Federal agency severely understaffed to handle widespread animal disease outbreaks
The federal agency within the United States Department of Agriculture (USDA) tasked with responding to widespread animal illness, such as avian influenza, doesn’t have a proper response strategy in place should a large-scale outbreak occur, according a report put together by the Government Accountability Office (GAO).
The GAO says the USDA’s Animal and Plant Health Inspection Service (USDA-APHIS) is greatly understaffed and doesn’t have a “detailed plan to augment or train its workforce to respond” to widespread disease. The report also states that APHIS, as well as other USDA branches and the Department of Health and Human Services (HHS), do not have enough veterinarians deployed. There are about 624 veterinarians working at APHIS and 1,900 government-wide. In the case of a national outbreak, it’s estimated that 6,000 veterinarians would be needed to properly respond.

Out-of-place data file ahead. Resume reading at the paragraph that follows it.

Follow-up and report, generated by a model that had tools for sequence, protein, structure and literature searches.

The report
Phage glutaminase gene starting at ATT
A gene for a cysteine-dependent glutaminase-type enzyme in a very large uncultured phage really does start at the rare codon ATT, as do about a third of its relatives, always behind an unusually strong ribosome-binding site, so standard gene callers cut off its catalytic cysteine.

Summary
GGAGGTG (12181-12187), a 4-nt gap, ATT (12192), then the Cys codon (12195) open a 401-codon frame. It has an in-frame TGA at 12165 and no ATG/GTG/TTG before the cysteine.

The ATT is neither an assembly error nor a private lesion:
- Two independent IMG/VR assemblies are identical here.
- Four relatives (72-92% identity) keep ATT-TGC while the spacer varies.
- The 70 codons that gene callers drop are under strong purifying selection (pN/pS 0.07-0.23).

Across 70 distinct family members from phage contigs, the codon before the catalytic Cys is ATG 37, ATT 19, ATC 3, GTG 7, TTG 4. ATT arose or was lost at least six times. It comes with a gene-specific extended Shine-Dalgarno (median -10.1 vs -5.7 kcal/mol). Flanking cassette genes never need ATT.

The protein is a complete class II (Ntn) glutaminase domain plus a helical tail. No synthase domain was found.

The report also criticizes APHIS for not assessing its veterinarians to identify gaps in the workforce and not preparing an emergency animal health plan. In recent months the Centers for Disease Control and Prevention (CDC) announced an outbreak of the H3N2 canine influenza in the Chicago area. Though it appears to be contained, an outbreak such as that one is what the GAO fears would not be controllable in the event of a widespread outbreak. “Without these assessments, APHIS may be limited in its ability to mount an effective emergency response to an animal disease outbreak, with potentially serious consequences for the nation’s agriculture sector,” the report states.
The shortage has been a problem for several years, and the auditors note that the USDA has made progress in addressing planning strategy and personnel shortages. In 2009, the Office of Personnel Management granted government-wide direct-hire authority to enable agencies to hire qualified veterinarians without regard to certain federal hiring requirements, the report says. Still, the shortage continues. The USDA partially agreed with the auditor’s recommendations, arguing that while they could do more to improve its estimates of veterinarian workforce needed for emergency response, it had made efforts to assess the needs.